Why Partridge, Pine, and Peavey?

My human ecological background (human ecology being the only major at the college from which I graduated) makes it impossible for me to ignore all parts of an environment. “Nature” cannot be discussed without including all parts: animals (including humans), plants, or rocks. To represent my connections to the environment I know the best, I picked three different alliterative representations of the Maine outdoors.

Of all the wildlife I consistently interacted with while growing up in the woods of central Maine, partridges—or ruffed grouse to a less local speaker—(pictured above) were probably the most common. From spooking them from their nests and getting scared witless by the nearby deep beating of their wings to the more subtle drum of a hopeful male (a sound you can feel in your heart better than you can hear in your ears), partridges were ever-present.

Even more common than the regular partridges in the area were the white pines (Pinus strobus), a plant so splendid and common in Maine to give it the designation of being our state tree. But beyond being a common tree species in Maine, this tree has been hugely important to local people for centuries due to its immune supporting vitamin C content and its uses for making paper and many other wood products.

Eastern white pine
Eastern white pine

Despite the partridge and pine already being apt representatives of my local environment, I decided to feature an important tool to remind us all that humans are as much part of nature as another animal or plant. The peavey is a tool that was invented in Maine for the purpose of better manipulating logs—Bangor, ME having been the logging capital of the world in the 1800’s. My grandfather still has a peavey in his workshop and my dad often wishes he had one when cutting firewood from big trees.

Grampy's peavey
Grampy’s peavey

And so this blog began—once I decided upon the three best representatives of the environment I know so well and will always call home, the focus of this blog became clear: stories about the outdoors and the people that live it. These stories and photos are dedicated to all those who call Maine home, to those who live and work in the outdoors, and to those who appreciate the humor in all those quirky rural people you can find anywhere.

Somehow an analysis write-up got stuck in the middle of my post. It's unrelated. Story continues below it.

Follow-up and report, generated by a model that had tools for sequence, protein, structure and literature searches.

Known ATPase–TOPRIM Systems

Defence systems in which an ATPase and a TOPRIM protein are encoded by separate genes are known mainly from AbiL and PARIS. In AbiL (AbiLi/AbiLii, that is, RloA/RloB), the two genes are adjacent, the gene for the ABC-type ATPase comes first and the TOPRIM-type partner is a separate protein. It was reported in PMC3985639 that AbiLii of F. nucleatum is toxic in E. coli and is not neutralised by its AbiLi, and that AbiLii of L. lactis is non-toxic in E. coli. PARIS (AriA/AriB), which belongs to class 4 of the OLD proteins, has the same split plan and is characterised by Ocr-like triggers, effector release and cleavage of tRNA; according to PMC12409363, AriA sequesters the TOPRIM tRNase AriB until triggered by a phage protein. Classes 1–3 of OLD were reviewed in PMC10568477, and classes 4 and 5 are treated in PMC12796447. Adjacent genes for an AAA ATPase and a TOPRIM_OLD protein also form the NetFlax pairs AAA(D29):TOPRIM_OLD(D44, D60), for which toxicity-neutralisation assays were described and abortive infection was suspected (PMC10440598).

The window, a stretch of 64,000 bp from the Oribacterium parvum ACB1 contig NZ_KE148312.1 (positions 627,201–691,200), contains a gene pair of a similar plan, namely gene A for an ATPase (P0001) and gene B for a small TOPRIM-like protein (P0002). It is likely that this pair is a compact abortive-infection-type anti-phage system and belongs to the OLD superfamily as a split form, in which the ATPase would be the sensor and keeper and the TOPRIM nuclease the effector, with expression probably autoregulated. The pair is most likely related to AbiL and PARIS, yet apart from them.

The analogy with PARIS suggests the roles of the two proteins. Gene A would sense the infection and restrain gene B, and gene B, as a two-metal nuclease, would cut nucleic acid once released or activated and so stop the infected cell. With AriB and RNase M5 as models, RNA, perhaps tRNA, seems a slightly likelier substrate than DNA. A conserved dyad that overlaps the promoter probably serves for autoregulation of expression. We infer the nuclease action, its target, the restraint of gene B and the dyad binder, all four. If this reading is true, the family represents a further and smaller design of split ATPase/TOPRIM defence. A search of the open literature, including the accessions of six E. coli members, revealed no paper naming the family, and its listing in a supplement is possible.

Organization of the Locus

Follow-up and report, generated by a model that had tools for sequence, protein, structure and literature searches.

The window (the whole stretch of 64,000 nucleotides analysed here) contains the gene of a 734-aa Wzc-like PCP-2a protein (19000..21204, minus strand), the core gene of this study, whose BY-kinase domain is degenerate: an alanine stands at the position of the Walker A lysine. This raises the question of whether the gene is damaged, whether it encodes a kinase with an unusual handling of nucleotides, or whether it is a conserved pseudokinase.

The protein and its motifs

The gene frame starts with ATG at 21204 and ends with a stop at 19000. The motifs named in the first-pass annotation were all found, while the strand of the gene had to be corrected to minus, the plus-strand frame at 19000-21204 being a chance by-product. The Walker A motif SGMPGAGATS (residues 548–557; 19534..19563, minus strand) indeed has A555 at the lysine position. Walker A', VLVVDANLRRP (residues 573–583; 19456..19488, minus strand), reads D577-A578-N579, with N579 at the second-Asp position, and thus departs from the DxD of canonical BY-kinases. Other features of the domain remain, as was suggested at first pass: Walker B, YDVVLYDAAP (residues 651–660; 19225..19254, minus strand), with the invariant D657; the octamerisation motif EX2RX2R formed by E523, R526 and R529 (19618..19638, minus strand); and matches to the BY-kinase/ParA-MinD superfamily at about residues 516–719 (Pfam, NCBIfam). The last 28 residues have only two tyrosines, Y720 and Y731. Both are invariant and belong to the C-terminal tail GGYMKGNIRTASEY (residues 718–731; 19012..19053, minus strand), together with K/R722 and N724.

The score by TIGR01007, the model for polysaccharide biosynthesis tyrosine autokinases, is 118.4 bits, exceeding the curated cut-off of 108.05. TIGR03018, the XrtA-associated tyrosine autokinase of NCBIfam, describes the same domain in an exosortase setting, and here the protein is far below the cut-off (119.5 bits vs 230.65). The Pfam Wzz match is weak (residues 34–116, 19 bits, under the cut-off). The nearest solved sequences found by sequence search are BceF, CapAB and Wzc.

11 thoughts on “Why Partridge, Pine, and Peavey?

    Wanda R. Garland said:
    September 14, 2013 at 12:15 pm

    I am delighted with you amazing blog. I will look forward to reading you postings. Happiness to you and Joe and everyone you are working with during this marvelous time in the grand mountains.

    Luka Negoita said:
    September 28, 2013 at 3:34 pm

    This is so great Hazel! Your photos are just amazing. Enjoy every bit of it.

    waterhigh said:
    December 31, 2013 at 12:51 am

    Silly question—how do you get the vitamin C? Make tea with the pine needles?

    PS: I’m a huge fan of Maine’s beauty.

      hazelzs responded:
      December 31, 2013 at 1:37 am

      Not a silly question at all! The most common way to take advantage of the vitamin C found in Eastern White Pine (Pinus strobus) is to use water that has come down a bit from boiling (boiling water can “cook it” a bit much and lead to decreased properties and off flavors), pour over several fascicles (clusters) of pine needles in a cup or teapot, cover for 5-10 minutes, then drink! You can play around with the amount of pine needles and the length of steeping. Using a lot of needles and/or letting it steep a long time can make it taste very bitter, but that isn’t a problem as long as you can stand the flavor! Play around with it and let me know how it goes! Glad you like Maine too and very glad you’re checking out my blog!

        Jan Wood said:
        January 12, 2014 at 1:10 am

        The ruffed grouse drumming always makes me thing of Dad trying to start the John Deere Tractor

    Jnana Hodson said:
    April 29, 2014 at 6:26 am

    Once in awhile I yield to these things, and one consequence is that I’ve nominated you for a Butterfly Lighting Award. The details will be in a posting tomorrow (Wednesday) at Jnana’s Red Barn, where I’ll link to you regardless of your decision to follow through. Thanks for doing what you are online, and my best regards for your presentations ahead. In the meantime, take a bow in the spotlight.

      hazelzs responded:
      April 29, 2014 at 7:25 am

      Thank you so much! What an honor. I look forward to the details to follow!

    Tulay said:
    May 29, 2014 at 10:03 pm

    You have such a lovely blog. It definitely deserves more follower. I nominated you for an award. You can check it out here; http://tulayyilmazbotanicalart.wordpress.com/
    Hope you join and enjoy!

      hazelzs responded:
      June 9, 2014 at 10:22 am

      Thanks so much! I’m so glad you enjoy my blog.

    newenglandselkie said:
    June 8, 2014 at 11:12 pm

    The awards are piling on! I nominated you for a liebster award. Details will be in my latest post! :)

      hazelzs responded:
      June 9, 2014 at 10:28 am

      Thank you so much!

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